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Bisbees Conservation Journal Q2 2015

BISBEE’S CONSERVATION JOURNAL Q2 • 2015 91 Can you remember the first billfish you ever caught? For those of us who have been lucky enough to have caught a marlin, sailfish, or swordfish, the memory of our first billfish is perhaps one of the most coveted experiences for any angler. For most, it’s a memory full of the smell of diesel, spray of the water, and sore arms pumping as the captain backs down on a lit up fish, gray-hounding and fighting with all its might. Although it’s a memory that will be with us forever, many anglers choose to get a quick picture with their first billfish. However, pulling billfish out of the water for a picture may not only be illegal, it may be killing your catch. Unfortunately, more and more photos are coming up on websites, social media, and even in fishing magazines of people holding up a sailfish or small marlin, stretched across their laps or covering boards. What most anglers do not know though is that in US, Atlantic waters it is actually illegal to take a highly migratory species (HMS) out of the water unless a person intends to harvest the fish. CFR  635.21 ATLANTIC HIGHLY MIGRATORY SPECIES. Subpart C - Management Measures - Gear operation and deployment restrictions (a) All Atlantic HMS fishing gears.  (1) An Atlantic HMS harvested from its management unit that is not retained must be released in a manner that will ensure maximum probability of survival, but without removing the fish from the water. (2) If a billfish is caught by a hook, the fish must be released by cutting the line near the hook or by using a dehooking device, in either case without removing the fish from the water. Removing any fish from the water puts additional stress and damage to the fish on top of the physiological stress already caused from fighting the fish. Any contact the fish may have with a person, the gunnel, or covering board removes the protective slime layer of the fish which protects it from parasites and infections. Just like a person who is down after a hectic or traumatic experience, billfish are more susceptible to infections or diseases when stressed. Injuries also can occur to because the skeleton of a billfish is designed for the buoyant conditions of the ocean. Removing the fish from the water, even onto the gunnel, causes the skeleton and internal organs to come under the full strain of gravity causing potential damage.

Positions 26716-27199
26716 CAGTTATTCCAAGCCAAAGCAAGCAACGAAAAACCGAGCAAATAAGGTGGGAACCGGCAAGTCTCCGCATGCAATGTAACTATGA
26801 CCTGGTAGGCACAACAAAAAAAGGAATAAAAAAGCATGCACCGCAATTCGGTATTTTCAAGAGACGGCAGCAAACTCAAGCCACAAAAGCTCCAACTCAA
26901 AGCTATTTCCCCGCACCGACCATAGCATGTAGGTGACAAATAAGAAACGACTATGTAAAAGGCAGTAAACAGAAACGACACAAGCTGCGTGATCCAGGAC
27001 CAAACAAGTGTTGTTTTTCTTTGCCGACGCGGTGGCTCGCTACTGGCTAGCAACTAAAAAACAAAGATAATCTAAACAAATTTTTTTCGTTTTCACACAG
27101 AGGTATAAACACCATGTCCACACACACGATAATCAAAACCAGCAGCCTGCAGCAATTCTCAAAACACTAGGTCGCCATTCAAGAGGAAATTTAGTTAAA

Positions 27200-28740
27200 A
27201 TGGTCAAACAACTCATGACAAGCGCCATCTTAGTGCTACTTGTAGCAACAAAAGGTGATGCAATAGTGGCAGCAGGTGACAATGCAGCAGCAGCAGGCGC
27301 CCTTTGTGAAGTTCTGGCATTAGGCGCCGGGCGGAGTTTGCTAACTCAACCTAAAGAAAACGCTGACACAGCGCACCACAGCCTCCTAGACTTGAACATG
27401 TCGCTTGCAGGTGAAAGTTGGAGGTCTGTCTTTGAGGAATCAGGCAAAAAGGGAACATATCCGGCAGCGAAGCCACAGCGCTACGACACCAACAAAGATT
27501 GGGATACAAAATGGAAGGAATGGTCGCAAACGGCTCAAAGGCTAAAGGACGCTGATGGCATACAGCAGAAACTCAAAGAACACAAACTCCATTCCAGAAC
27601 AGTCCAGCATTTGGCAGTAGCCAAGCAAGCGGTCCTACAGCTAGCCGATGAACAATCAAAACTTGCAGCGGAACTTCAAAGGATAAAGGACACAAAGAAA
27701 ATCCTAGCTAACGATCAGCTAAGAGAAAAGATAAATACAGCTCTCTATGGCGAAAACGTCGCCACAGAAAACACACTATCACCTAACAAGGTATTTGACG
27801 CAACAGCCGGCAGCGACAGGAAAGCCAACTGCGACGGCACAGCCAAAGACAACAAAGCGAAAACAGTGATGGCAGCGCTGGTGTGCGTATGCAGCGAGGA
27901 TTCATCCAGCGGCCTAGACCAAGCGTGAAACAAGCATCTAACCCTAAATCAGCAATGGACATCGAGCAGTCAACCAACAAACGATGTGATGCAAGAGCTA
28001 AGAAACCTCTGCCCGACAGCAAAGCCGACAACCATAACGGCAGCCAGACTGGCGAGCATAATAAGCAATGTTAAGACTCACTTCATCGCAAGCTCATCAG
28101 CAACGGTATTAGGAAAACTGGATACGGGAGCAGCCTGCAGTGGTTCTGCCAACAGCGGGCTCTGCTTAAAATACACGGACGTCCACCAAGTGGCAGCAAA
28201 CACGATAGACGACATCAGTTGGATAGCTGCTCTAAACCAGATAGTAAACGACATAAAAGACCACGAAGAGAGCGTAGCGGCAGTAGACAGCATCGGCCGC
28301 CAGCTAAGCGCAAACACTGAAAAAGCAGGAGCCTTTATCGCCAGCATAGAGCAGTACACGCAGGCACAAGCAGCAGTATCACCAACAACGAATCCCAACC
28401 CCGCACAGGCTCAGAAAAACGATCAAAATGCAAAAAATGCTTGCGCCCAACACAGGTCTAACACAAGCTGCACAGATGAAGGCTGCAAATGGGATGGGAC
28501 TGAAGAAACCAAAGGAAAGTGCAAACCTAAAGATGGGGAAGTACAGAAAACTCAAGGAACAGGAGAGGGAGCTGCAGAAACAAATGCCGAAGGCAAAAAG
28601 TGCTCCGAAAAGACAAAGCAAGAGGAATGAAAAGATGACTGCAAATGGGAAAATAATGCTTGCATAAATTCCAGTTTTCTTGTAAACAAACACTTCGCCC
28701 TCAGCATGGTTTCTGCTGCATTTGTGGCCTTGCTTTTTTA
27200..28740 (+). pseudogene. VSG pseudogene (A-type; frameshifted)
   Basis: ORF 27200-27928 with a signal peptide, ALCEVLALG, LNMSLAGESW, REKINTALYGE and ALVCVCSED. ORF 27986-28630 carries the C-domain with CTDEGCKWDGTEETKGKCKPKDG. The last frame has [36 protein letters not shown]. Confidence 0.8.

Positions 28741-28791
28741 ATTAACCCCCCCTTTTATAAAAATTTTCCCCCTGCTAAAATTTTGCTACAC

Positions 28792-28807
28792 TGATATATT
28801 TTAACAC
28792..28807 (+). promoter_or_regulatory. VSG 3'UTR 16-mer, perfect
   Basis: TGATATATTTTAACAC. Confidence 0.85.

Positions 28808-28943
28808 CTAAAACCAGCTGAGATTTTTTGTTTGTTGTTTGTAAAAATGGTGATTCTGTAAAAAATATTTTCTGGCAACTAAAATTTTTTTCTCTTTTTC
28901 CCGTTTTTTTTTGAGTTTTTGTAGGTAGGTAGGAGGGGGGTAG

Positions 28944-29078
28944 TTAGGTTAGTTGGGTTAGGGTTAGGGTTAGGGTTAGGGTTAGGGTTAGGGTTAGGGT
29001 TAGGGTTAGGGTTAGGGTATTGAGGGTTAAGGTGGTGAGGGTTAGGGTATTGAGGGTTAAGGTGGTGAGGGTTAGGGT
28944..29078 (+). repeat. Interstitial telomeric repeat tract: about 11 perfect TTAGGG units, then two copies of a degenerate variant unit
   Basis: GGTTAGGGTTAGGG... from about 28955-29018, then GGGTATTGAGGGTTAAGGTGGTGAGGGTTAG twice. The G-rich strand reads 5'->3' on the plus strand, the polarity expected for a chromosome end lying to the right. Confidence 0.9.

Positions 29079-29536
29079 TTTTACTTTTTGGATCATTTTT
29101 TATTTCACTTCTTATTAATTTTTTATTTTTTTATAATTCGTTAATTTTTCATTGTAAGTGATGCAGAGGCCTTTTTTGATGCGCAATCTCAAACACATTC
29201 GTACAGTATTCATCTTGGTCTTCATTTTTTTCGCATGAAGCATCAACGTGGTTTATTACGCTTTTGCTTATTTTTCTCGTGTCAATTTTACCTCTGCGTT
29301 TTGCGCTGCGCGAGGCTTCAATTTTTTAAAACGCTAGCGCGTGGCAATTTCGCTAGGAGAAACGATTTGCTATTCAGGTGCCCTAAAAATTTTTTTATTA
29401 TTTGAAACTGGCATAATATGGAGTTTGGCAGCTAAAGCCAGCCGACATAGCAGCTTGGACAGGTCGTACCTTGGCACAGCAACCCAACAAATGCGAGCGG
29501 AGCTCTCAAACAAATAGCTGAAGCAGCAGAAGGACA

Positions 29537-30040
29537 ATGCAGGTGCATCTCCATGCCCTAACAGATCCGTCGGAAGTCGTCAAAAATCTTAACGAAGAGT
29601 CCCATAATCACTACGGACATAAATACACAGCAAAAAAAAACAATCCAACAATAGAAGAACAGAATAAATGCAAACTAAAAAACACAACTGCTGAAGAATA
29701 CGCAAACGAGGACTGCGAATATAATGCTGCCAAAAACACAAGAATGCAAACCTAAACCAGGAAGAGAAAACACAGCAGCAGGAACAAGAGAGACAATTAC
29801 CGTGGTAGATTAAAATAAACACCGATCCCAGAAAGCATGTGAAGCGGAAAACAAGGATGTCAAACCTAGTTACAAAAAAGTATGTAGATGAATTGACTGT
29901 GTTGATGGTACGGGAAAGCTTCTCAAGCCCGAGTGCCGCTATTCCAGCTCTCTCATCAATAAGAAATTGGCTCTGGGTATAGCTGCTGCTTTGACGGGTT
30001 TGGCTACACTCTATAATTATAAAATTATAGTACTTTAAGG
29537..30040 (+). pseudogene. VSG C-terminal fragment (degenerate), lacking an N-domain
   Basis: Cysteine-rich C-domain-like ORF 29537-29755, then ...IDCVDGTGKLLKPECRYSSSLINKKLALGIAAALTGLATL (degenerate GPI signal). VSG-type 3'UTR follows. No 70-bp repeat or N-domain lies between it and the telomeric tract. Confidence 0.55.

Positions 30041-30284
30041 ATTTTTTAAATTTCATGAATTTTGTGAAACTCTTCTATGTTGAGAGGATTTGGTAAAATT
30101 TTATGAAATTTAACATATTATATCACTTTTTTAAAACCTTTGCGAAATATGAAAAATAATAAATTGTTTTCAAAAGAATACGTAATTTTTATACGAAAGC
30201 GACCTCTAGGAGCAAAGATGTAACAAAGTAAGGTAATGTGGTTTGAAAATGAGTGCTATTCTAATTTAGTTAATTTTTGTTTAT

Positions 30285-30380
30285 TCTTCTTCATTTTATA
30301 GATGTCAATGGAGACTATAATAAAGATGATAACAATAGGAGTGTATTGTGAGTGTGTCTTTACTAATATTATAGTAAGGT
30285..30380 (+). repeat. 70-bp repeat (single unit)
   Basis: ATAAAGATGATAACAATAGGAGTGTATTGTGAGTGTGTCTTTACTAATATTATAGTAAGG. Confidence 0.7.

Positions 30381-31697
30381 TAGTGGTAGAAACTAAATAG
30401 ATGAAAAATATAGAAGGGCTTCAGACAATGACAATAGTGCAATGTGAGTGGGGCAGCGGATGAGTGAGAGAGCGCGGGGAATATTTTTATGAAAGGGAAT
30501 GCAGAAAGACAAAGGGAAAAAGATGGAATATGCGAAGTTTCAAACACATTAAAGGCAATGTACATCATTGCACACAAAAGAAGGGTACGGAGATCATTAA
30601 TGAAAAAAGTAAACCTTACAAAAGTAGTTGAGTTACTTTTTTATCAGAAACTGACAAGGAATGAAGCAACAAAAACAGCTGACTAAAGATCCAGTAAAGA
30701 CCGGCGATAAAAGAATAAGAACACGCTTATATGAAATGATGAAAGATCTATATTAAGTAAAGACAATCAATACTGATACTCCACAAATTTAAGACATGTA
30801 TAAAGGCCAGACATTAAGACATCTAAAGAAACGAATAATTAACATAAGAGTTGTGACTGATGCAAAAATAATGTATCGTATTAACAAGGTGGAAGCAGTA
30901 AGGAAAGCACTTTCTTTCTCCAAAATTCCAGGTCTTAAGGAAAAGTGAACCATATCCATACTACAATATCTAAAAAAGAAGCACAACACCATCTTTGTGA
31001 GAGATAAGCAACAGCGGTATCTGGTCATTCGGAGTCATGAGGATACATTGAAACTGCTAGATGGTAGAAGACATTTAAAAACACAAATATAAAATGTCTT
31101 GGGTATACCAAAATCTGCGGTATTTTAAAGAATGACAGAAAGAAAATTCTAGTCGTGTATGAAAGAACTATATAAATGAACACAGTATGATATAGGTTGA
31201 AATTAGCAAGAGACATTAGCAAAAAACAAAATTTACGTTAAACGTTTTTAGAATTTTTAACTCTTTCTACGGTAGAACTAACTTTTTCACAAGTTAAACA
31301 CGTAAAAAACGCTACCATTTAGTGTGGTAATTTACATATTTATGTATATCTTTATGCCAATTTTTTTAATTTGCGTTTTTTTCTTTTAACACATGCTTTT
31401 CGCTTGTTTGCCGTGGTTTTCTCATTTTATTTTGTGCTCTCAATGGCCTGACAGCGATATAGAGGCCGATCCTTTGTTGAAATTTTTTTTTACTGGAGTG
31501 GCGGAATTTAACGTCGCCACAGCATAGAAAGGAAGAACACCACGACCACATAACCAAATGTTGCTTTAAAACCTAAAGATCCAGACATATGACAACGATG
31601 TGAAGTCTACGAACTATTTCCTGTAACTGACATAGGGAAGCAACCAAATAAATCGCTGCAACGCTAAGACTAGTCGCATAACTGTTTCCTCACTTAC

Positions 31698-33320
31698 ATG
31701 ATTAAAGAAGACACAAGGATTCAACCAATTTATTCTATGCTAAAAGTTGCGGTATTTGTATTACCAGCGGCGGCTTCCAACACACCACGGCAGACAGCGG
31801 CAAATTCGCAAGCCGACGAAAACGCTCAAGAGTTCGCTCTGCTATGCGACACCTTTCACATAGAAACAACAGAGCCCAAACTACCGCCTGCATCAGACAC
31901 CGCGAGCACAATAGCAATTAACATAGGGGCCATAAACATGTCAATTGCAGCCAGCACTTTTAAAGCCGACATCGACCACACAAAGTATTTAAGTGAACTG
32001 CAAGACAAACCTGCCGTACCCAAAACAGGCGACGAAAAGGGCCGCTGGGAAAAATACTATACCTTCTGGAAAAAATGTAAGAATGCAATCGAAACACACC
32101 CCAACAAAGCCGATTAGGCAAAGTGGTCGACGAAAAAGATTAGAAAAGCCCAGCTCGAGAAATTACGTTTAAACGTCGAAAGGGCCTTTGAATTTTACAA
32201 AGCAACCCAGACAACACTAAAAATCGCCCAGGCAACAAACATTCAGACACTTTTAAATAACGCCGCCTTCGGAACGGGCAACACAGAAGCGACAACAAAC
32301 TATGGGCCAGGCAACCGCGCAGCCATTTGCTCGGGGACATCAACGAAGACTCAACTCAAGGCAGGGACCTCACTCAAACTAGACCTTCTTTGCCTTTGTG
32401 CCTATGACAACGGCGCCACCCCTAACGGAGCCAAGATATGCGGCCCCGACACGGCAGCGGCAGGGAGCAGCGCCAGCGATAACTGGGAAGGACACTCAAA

Bisbees Conservation Journal Q2 2015
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